When I did my initial lineup of course providers earlier this year, I only included ones I was familiar with from having enrolled in classes on their platforms (including the big MOOC names of Coursera, edX and Udacity). But now that I’m enrolled in classes on two additional platforms (Canvas.net and Udemy), it’s time to take a look at what these two contenders in the free-learning space have to offer.
As usual, I’ll review the courses I’m taking on these two platforms (Understanding Cheating in Online Courses on Canvas, Art History Survey: 1300 to Present on Udemy) in the Degree of Freedom newsletter once those courses are completed next month.
But just looking at the technology that serves up those classes, these two contenders are both different from each other, and are moving with a different trajectory than the “Big Three” MOOC providers.
The Canvas Network, for example, is a service offered by Instructure, the company behind the increasingly popular Canvas Learning Management System.
One can think of all the platforms used by learning vendors as variants on Learning Management System (LMS) technology, but companies like Instructure have traditionally provided tools and services to institutions that need to manage a hierarchy of users (students, instructors and administrators) across an institution.
For students, LMS systems provide access to course components (syllabi, reading material, lecture notes or videos), as well a portal for accessing or submitting homework and other assignments. Teachers use LMSs to manage their courses (including consolidating grading information in an online gradebook) while administrators can use dashboard functionality to better track what is happening across the campus.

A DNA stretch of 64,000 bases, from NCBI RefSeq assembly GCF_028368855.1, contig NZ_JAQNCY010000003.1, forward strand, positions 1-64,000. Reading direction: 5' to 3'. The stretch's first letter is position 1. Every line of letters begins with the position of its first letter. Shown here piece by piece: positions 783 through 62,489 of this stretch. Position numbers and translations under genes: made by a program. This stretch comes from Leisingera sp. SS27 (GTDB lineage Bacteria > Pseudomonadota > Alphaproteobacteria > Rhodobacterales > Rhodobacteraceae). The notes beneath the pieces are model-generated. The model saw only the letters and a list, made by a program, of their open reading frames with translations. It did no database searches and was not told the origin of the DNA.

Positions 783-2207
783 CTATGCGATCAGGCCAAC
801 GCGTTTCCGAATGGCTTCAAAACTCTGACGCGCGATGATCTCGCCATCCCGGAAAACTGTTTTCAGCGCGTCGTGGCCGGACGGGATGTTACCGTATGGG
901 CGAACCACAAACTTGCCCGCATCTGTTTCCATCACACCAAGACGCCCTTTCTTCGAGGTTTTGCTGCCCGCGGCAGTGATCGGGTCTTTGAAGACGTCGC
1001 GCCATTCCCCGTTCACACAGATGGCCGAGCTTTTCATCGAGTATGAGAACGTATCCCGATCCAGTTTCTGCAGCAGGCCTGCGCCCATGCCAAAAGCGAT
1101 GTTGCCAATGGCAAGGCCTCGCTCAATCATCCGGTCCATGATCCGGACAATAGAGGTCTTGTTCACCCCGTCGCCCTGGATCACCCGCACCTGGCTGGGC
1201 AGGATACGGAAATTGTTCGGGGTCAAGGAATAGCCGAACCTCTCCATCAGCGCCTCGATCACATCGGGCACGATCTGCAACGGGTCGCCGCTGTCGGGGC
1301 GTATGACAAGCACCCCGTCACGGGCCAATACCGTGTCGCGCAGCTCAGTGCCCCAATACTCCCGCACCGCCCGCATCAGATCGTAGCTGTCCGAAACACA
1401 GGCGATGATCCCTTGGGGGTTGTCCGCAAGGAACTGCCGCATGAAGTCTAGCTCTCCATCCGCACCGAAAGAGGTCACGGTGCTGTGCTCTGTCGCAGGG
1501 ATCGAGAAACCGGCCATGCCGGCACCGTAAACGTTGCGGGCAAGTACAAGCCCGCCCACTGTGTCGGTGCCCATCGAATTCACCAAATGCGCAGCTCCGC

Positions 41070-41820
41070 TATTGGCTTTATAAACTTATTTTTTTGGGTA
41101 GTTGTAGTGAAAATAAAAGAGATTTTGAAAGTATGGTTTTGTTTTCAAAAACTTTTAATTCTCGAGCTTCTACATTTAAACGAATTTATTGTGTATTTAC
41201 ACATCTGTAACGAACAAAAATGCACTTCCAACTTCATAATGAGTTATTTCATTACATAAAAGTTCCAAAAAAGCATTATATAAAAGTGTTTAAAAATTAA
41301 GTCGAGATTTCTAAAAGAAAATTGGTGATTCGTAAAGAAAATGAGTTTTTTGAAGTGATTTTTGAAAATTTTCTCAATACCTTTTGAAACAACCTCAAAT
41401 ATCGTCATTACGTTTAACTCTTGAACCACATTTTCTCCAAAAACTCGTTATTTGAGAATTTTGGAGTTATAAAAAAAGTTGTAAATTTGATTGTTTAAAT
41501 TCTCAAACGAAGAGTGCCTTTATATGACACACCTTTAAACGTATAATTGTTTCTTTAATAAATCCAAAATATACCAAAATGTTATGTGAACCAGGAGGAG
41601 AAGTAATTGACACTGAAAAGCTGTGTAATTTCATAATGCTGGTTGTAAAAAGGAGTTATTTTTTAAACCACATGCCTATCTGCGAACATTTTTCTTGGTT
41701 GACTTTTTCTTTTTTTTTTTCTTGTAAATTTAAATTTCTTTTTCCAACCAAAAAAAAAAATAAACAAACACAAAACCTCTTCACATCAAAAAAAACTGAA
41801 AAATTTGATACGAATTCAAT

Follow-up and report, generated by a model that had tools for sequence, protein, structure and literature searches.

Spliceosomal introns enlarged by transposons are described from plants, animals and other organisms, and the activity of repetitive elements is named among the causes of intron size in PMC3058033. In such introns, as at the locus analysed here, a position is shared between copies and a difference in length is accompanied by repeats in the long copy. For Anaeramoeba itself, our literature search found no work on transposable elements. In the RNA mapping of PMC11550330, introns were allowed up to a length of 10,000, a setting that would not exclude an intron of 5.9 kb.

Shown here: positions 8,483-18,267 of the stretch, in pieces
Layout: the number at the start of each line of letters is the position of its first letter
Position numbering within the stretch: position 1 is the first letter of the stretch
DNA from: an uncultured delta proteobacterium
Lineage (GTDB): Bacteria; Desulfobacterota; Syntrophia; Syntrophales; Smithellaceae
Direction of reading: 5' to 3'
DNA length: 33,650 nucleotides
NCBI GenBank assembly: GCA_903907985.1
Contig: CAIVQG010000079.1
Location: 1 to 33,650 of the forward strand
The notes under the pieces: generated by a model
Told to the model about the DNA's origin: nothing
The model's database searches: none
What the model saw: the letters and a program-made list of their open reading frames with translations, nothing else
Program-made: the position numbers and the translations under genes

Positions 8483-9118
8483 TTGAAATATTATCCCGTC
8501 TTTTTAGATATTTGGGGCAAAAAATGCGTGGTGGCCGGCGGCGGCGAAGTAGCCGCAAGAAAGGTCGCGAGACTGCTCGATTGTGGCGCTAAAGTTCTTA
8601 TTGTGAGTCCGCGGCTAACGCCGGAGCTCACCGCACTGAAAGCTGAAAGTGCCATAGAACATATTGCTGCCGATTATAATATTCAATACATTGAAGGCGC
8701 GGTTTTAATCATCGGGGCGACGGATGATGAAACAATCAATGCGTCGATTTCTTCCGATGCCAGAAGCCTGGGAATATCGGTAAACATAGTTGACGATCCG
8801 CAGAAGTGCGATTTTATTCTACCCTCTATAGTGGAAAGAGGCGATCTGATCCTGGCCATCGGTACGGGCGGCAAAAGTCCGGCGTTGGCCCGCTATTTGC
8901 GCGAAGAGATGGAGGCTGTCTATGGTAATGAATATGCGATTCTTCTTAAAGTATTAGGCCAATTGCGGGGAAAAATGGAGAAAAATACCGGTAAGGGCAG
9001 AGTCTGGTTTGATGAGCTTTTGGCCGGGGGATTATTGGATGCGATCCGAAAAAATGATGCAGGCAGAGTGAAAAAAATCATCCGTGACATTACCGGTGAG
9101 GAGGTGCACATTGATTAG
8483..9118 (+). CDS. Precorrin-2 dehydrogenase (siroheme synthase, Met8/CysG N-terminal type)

Instructure decided to open up its platform to allow schools to provide certain classes to the public at large, and today their course offerings include 30 free classes on a variety of disciplines (101-level courses on math and writing, classes on educational topics such as how to design hybrid courses or my cheating class, and humanities/social sciences classes in art and history).
The experience I’m having while working inside the Canvas system is very similar to the one I had when taking a graduate-level education course offered through a major university which used a subset of the extensive LMS functionality within their internal systems to deliver the course. And because the underlying system is so feature rich, it can take a little time getting used to (unlike simpler MOOC platforms that have a somewhat shallower learning curve).
One benefit of delivering a class inside a live LMS system is that the professor can make changes on the fly (as my Cheating professor has done by adding guest lectures by outside experts since the course began). And one of the reasons why such courses can work as works in progress is that enrollment in Canvas classes is mostly limited to under 1000 students (at least during this early phase of a program that just began in November of last year).